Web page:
Besides the two SEZs, La Sama de Araújo as well mentioned plans to develop the country’s south coast as a sub-regional oil industry hub, inclunding tourism throughout the country.

Angola’s Minister for Justice and Human Rights, Rui Mangueira, noted that his country has focused efforts during 11 years of effective peace on establishing and consolidating a strategic partnership with China.

“Each of our nations has its own skills, experiences and realities to share in the context of this Forum and which are certainly useful for the construction of our common destinies,” Mangueira told the audience at the opening ceremony of the fourth Forum Macau Ministerial Forum.

Cape Verde’s Minister for Tourism, Industry and Energy, Humberto Brito, praised the vital support of China and Macau for the functioning and development of Forum Macau and said his government awaited with great expectation the implementation of the Cooperation Fund for Development between China and the Portuguese-speaking Nations.

“The Fund’s application will promote investment projects, preferably those influencing the creation of wealth and our nations’ increase, involving the respective business communities,” Brito said.

Related Articles
  • Climate change laws around the world

    2017/05/14 There has been a 20-fold increase in the number of global climate change laws since 1997, according to the most comprehensive database of relevant policy and legislation. The database, produced by the Grantham Research Institute on Climate Change and the Environment and the Sabin Center on Climate Change Law, includes more than 1,200 relevant policies across 164 countries, which account for 95% of global greenhouse gas emissions.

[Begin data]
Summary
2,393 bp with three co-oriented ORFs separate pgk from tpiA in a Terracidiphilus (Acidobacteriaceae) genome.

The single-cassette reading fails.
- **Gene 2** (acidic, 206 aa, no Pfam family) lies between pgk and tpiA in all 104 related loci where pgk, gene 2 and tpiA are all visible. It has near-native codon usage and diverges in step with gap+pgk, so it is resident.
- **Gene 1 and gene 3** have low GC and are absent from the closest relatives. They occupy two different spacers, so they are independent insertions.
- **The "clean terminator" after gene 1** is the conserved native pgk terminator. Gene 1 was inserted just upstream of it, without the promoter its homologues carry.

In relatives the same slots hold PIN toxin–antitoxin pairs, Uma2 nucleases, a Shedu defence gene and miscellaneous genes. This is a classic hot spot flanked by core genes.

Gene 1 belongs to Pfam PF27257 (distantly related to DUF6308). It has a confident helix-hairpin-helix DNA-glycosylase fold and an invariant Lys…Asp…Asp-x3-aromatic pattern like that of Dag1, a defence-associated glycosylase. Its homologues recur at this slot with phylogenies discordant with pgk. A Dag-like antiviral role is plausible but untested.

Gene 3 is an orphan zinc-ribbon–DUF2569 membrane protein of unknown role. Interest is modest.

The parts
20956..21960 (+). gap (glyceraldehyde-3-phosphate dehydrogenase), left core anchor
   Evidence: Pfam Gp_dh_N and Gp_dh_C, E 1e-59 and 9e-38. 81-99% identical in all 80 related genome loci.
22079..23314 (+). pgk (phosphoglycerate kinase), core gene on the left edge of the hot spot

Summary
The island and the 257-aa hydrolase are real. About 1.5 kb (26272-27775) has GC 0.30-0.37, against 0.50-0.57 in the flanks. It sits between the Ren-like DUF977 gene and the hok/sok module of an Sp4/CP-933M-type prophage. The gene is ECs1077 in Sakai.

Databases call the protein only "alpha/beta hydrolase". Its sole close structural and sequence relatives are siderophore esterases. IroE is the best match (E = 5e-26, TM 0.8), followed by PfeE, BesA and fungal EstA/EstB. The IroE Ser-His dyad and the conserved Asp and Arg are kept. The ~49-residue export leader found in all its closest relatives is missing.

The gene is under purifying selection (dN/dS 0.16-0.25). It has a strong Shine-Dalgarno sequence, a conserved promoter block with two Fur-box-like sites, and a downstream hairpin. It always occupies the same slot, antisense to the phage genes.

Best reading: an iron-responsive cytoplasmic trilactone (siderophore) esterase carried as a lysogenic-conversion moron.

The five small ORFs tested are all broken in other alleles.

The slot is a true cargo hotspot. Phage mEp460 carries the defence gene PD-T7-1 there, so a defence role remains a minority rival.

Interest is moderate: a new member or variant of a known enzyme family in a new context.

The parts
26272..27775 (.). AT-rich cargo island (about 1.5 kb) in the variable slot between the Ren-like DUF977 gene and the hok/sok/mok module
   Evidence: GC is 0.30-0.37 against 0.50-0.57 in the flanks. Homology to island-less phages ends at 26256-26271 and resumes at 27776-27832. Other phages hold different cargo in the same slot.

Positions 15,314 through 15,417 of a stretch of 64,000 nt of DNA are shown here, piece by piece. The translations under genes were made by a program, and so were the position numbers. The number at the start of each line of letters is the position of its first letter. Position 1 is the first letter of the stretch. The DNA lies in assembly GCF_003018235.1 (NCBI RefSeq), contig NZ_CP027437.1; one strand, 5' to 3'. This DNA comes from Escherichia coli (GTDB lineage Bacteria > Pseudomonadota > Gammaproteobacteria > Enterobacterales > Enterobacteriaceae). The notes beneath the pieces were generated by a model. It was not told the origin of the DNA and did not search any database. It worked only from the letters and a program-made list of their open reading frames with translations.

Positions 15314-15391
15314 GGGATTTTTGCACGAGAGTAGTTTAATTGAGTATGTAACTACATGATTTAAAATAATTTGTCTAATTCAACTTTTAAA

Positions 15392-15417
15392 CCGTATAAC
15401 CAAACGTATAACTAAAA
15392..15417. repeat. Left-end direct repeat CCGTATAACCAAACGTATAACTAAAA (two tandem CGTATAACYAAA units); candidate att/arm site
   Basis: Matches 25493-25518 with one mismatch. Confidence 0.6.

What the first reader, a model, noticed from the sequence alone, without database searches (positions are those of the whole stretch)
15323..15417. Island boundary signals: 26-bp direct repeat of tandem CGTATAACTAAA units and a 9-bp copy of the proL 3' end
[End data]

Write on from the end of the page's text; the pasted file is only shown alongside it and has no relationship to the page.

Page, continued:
• Asia Economic Roundup: July 2016

    2016/07/18 Without a doubt Britain’s decision to abandon the European project will be remembered globally as a wake-up call for political elites around the world. It seems the people chose to go against immediate economic interest and accept an extra financial turmoil in order to address deeply seated social and identity issues. Although Asia’s exposure to the UK is relatively limited and this is not exactly a “Lehman Moment”, nonetheless we can expect a lively debate as policymakers in Asia look for an appropriate response to address the needs of vulnerable households.
  • Chan is also a Deputy Secretary-General (appointed by the Macao Government)

    2015/07/26 Echo Chan Keng Hong is a hardworking Macao resident who has presently assumed the position of Coordinator of the Support Office to the Permanent Secretariat of the Forum for Economic and Trade Cooperation between China and Portuguese-speaking Nations (Forum Macao). She is the right person in the right place at the right time, as businessmen and colleagues acknowledge. She is discrete but highly focused on getting the job done. In an interview with Macao magazine, it became clear that the civil servant has spent her entire career on work related to Portuguese-speaking nations. Before a director at the Macao Trade and Investment Promotion Institute (IPIM), Chan succeeds Rita Santos, but as well keeps her role as a non-executive director of IPIM.
  • Macau Outlook for 2013-14

    2013/05/15 The country (Macau) is situated in Eastern Asia, bordering the South China Sea and China. Land in Macau is generally flat. Chinese land covers an area of 28.2 square kilometers which is less than-sixth the size of Washington, DC   The climate is subtropical; marine with cool winters, warm summers. Chinese speak Cantonese 87.9%, Hokkien 4.4%, Mandarin 1.6%, other Chinese dialects 3.1%, other 3% (2001 census). Outlook for 2012-13 Fernando Chui was installed as Macau's chief executive in December 2009. During his-year term Mr Chui's major priorities will be to address rising public discontent and tackle corruption. He will as well need to introduce measures to diversify the economy, which has become overly dependent on the gambling sector.
  • Dr. Manuel Joaquim das Neves Director of Macau’s Gaming Inspection and Coordination Bureau

    2012/12/07 How do you explain the growing and resilient economy of Macau, when the world is facing the worst economic downturn?